One thing that all parties in the American drug-policy debate agree on is that they want to eliminate the traffic in illicit drugs and the criminal syndicates that control it. There are two divergent strategies for achieving this end: the drug war and drug legalization, or, more precisely, controlled legalization, since few people want the government to simply abandon drug control and proclaim laissez faire.

The drug war was launched during the Reagan administration. It is actually the fourth such campaign, there having been sustained legislative and governmental efforts against drug abuse between 1909 and 1923, 1951 and 1956, and 1971 and 1973. What distinguishes the current war is that it is more concerned with stimulants like cocaine than with opiates, it is larger, and—no surprise in our age of many zeros—it is much more expensive.

The war against drugs has included the treatment of addicts and educational programs designed to discourage new users, but the emphasis has been on law enforcement, with interdiction, prosecution, imprisonment, and the seizure of assets at the heart of the campaign. The news from the front has been mixed. Price and purity levels, treatment and emergency-room admissions, urinalyses, and most other indices of drug availability showed a worsening of the problem during the 1980s, with some improvement in 1989 and 1990. The number of casual cocaine users has recently declined, but cocaine addiction remains widespread, affecting anywhere from about 650,000 to 2.4 million compulsive users, depending on whose definitions and estimates one chooses to accept. There has been some success in stopping marijuana imports—shipments of the drug are relatively bulky and thus easier to detect—but this has been offset by the increased domestic cultivation of high-quality marijuana, which has more than doubled since 1985. Heroin likewise has become both more available and more potent than it was in the late 1970s.

But cocaine has been the drug of greatest concern. Just how severe the crisis has become may be gauged by federal cocaine seizures. Fifty years ago the annual haul for the entire nation was 1 or 2 pounds, an amount that could easily be contained in the glove compartment of a car. As late as 1970 the total was under 500 pounds, which would fit in the car’s trunk. In fiscal year 1990 it was 235,000 pounds—about the weight of 60 mid-size cars. And this represented a fraction, no more than 10 percent, of what went into the nostrils and lungs and veins of the approximately seven million Americans who used cocaine during 1990. Worse may be in store. Worldwide production of coca surged during 1989 to a level of 225,000 metric tons, despite U.S. efforts to eradicate cultivation. Global production of opium, marijuana, and hashish has likewise increased since President Reagan formally declared war on drugs in 1986.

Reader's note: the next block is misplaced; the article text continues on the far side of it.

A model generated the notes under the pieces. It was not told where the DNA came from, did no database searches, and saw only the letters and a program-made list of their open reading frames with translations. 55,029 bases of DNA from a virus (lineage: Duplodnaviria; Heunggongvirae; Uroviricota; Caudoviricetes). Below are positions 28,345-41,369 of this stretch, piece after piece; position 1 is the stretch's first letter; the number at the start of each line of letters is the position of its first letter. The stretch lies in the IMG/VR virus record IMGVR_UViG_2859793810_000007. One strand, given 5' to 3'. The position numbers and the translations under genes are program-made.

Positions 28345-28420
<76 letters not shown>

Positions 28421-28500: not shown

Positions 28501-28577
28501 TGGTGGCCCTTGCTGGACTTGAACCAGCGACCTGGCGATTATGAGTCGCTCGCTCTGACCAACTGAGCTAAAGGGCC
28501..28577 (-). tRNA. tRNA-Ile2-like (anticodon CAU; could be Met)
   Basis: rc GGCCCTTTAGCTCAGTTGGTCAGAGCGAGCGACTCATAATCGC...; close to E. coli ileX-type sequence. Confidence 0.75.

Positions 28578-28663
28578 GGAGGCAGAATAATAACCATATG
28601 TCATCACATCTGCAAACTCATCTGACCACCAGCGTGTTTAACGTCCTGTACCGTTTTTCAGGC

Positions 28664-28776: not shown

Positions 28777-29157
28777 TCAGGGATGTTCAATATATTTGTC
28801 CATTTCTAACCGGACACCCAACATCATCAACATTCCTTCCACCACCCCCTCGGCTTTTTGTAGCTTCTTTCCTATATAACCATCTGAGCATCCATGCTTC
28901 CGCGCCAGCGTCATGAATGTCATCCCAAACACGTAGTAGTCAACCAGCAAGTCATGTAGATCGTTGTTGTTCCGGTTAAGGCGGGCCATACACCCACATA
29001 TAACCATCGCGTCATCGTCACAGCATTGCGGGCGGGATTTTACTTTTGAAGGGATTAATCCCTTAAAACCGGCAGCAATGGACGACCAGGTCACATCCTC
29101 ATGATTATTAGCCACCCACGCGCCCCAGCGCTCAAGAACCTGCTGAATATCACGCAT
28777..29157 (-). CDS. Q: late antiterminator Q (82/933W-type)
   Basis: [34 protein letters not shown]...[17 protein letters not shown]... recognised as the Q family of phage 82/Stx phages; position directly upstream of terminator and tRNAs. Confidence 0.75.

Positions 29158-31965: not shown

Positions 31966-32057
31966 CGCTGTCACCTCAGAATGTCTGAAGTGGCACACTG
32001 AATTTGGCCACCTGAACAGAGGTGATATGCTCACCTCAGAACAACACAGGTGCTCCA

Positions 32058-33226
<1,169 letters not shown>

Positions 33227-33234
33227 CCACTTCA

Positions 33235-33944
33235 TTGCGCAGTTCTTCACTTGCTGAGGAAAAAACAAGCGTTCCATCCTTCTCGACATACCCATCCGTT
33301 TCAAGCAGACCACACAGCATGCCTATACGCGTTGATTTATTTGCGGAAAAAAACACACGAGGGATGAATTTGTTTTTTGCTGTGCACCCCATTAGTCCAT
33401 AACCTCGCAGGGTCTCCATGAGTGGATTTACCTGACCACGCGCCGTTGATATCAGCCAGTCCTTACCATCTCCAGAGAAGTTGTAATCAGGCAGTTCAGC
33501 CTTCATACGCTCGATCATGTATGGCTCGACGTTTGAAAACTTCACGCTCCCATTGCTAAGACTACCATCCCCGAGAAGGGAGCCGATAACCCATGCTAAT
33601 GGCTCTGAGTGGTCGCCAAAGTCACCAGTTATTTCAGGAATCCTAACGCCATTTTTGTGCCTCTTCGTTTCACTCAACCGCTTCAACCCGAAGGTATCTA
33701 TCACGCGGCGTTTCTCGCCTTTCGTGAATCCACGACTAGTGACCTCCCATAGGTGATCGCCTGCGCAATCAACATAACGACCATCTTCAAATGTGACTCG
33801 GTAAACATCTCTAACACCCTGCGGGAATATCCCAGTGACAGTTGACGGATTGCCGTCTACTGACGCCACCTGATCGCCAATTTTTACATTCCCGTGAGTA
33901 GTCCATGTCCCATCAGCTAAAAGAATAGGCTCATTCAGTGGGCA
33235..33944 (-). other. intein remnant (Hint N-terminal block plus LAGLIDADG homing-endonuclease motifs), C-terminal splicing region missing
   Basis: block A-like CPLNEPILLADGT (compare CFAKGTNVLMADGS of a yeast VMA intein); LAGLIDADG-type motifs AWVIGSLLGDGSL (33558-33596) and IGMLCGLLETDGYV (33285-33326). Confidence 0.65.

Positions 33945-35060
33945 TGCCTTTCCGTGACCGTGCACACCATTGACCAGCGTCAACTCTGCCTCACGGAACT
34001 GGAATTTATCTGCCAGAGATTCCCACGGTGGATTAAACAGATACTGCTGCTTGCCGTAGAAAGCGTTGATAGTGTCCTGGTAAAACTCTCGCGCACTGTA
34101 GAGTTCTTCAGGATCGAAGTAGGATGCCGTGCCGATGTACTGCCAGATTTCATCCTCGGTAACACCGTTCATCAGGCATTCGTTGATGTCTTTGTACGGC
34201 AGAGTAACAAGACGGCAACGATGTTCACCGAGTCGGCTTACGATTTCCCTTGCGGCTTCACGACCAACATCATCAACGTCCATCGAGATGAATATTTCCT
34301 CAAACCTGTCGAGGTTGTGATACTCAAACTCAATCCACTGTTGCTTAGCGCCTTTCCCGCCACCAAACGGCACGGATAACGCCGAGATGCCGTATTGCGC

The greatest obstacle to the supply-reduction strategy is the enormous amount of money generated by the illicit traffic. Drug profits have been used to buy off foreign and domestic officials and to secure protection for the most vulnerable stages of the drug-cultivation, -manufacturing, and -distribution process. These profits also hire various specialists, from assassins to money launderers to lawyers, needed to cope with interlopers; they pay for technological devices ranging from cellular phones to jet planes; and they ensure that should a trafficker die or land in jail, there will be no shortage of replacements.

It is hardly surprising that these stubborn economic realities, together with the drug war’s uneven and often disappointing results, have led several commentators to question the wisdom of what they call the prohibition policy. What is unprecedented is that these disenchanted critics include mayors, prominent lawyers, federal judges, nationally syndicated columnists, a congressman, a Princeton professor, and a Nobel laureate in economics. They espouse variations of a position that is often called controlled legalization, meaning that the sale of narcotics should be permitted under conditions that restrict and limit consumption, such as no sales to minors, no advertising, and substantial taxation. They cite the numerous advantages of this approach: several billion dollars per year would be realized from tax revenues and savings on law enforcement; crime would diminish because addicts would not have to hustle to keep themselves supplied with drugs; the murders associated with big-city drug trafficking would abate as lower-cost, legal drugs drive the traffickers out of business. Because these drugs would be of known quality and potency, and because they would not have to be injected with shared needles, the risk of overdose and infection would drop. The issue of foreign complicity in the drug traffic, which has complicated American diplomatic relations with many countries, would disappear. Under a policy of controlled legalization, it would be no more criminal or controversial to import coca from Colombia than to import coffee.